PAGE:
To accomplish our research goals, we would greatly appreciate you taking a few minutes to complete the survey linked below about your solar grazing operation. Be assured that your identity will be kept confidential.

Further, we understand that your time has value. If you include your email address at the end of the survey, we will send you a $5 Amazon gift card to compensate you for your participation.

Thank you for your assistance and we hope that the findings of our study will be beneficial to your operation. If you have any questions, please reach out to Tyler Swanson at tswans4@illinois.edu

Take the survey here.

By David McFeeters-Krone, RUTE Foundation Systems, Inc. 

Solar development is exploding around the country. The Inflation Reduction Act incentives have exacerbated this trend such that the next 10 years will lead to solar developments on over 2 million acres of land. This extreme growth for renewable energy will put a like amount of pressure on the best solar lands. However, as shown by an Oregon State University study, most of the prime, flat land near load is already in use growing food or for ranching. Agrivoltaics is the answer to the food versus energy dilemma. Ranching holds particular promise, as partial shade has been shown to benefit forage, especially in arid regions.  

In an effort to solve this problem, RUTE’s SunTracker agrivoltaic solution was selected as one of the 20 semi-finalists in NREL’s American-Made Solar Prize Round 6. SunTracker plans to use the $50,000 prize to further refine its cattle-grade, high-clearance solution and continue its component certifications at the Oregon Manufacturing Innovation Center, in Scappoose. One of the reasons RUTE was selected for this award is its focus on ranching. Rangeland, particularly for cattle, is generally more available than farmland, but cattle-grade solutions are in short supply or not cost-competitive.  

RUTE’s Proving Ground at OMIC, October 2022.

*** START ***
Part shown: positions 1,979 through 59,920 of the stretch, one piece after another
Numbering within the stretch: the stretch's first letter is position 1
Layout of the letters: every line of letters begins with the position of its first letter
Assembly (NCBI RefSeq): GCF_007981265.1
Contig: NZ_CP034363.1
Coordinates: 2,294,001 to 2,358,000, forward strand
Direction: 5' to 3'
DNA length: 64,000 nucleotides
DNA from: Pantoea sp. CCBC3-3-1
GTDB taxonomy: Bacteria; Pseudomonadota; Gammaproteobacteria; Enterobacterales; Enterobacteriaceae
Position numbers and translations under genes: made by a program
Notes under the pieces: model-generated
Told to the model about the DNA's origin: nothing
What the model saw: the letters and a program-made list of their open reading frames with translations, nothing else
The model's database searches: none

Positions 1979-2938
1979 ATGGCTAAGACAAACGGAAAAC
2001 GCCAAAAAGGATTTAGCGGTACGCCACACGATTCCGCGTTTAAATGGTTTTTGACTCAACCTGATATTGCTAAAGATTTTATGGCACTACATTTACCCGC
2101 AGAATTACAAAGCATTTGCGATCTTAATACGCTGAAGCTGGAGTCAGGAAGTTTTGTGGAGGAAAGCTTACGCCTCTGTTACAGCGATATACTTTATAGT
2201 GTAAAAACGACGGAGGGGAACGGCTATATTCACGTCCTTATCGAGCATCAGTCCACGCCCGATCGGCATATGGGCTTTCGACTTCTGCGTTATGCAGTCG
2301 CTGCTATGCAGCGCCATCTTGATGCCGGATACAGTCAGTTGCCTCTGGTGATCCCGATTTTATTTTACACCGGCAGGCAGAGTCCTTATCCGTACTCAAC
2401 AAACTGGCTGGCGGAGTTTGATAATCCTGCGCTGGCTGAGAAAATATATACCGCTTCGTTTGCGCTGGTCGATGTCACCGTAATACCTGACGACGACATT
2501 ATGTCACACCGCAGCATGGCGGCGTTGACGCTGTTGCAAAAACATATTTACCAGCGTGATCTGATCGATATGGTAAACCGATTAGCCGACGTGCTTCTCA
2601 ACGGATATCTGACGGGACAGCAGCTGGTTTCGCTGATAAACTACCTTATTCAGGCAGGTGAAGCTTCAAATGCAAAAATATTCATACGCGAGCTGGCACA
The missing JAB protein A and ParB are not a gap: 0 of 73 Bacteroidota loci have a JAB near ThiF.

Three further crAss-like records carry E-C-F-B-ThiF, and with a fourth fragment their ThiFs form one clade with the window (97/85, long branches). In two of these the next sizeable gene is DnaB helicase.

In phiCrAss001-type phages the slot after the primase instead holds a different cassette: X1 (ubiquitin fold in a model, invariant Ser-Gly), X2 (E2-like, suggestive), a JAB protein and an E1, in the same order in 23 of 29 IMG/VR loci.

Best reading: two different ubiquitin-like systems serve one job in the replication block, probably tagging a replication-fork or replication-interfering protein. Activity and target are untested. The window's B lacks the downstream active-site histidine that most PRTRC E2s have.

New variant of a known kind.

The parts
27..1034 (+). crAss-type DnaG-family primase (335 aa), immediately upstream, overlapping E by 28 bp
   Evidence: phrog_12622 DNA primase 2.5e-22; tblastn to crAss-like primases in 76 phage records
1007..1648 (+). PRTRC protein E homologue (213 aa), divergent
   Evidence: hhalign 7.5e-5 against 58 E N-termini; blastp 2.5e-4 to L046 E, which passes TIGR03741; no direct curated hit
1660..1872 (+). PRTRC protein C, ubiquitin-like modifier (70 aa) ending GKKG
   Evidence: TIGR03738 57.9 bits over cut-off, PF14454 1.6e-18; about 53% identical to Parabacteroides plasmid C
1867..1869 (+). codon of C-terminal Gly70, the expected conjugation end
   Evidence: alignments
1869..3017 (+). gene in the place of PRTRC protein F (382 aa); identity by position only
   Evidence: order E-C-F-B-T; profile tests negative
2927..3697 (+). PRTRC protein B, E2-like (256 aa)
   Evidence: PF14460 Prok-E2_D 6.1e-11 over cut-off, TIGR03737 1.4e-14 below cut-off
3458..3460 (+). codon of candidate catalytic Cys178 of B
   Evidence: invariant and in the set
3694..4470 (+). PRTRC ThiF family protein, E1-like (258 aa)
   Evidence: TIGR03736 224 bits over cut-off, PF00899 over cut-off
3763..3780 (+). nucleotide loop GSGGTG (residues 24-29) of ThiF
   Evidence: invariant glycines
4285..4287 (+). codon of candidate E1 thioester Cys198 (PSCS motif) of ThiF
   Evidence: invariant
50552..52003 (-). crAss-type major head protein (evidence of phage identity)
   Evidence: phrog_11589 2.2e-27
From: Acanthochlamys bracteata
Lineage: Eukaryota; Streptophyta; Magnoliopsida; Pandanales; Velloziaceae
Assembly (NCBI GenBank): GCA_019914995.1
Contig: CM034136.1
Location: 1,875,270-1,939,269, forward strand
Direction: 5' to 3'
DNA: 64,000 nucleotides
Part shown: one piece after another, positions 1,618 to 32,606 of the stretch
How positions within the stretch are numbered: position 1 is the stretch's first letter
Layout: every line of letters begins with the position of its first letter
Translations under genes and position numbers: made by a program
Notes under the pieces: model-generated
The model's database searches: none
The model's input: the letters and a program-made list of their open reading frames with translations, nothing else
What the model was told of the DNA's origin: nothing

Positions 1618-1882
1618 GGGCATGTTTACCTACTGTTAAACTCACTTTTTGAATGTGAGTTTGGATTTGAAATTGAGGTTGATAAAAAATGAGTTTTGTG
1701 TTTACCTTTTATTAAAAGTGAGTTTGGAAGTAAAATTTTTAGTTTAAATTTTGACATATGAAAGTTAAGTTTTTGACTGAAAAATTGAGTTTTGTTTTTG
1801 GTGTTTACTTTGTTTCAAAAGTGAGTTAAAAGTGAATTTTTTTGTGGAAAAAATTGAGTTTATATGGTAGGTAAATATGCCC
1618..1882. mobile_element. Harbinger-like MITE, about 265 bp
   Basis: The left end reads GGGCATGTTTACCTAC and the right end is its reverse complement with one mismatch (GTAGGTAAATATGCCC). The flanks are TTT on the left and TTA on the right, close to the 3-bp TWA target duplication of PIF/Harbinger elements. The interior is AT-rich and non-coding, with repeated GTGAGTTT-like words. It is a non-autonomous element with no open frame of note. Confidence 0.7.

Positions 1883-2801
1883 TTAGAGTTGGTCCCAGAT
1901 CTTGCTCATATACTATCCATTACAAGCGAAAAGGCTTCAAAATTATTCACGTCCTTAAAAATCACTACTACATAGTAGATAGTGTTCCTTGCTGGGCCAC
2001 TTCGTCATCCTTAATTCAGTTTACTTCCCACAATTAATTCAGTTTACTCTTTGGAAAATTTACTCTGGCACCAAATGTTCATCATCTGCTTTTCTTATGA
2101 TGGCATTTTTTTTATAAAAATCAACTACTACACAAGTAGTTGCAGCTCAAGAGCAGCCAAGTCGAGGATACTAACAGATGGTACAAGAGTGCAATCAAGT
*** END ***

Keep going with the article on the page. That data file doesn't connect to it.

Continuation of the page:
The solution differs from conventional solar with its cable-stayed poles and vertical, single-axis trackers. This design offers height at less cost and less ground disturbance, making it well-suited for ranching. Initial calculations suggest a meaningful reduction of steel use, akin to the reduction of steel in a cable-stayed bridge. Work under this award and other ongoing tests will compare SunTracker’s use of metal, labor, and site prep to create an apples-to-apples comparison with today’s Horizontal Single Access Trackers (HSAT) and reinforced solutions to determine which structure is optimal in different environments.  

Rendering of Bear Valley Solar Pasture. 

In addition to these tests, RUTE has plans to install its first set of trackers on a Grant County, Oregon ranch in 2023. The installation—known as the Bear Valley Solar Pasture—will be complete by summer, and RUTE is looking forward to seeing their technology at work on America’s farmland. The hope is that SUNTRACKER’s high-clearance solar will enhance rural economies by no longer forcing a Faustian choice between lucrative solar leases and local jobs.  

All photos courtesy of RUTE Foundation Systems, Inc. 

Sheep grazing under solar panels.

By Jessica Guarino and Tyler Swanson  

The U.S. agrivoltaics industry continues to grow as the desire to pair solar energy production land uses with pollinator habitats, livestock grazing, and crop production increases. However, while the excitement around agrivoltaics in all its forms blazes a new trail for what solar energy land use can look like, eager landowners and developers face a daunting challenge: state laws and local zoning ordinances that have not considered the possibility that agricultural and solar energy production could feasibly be located on the same tract of land.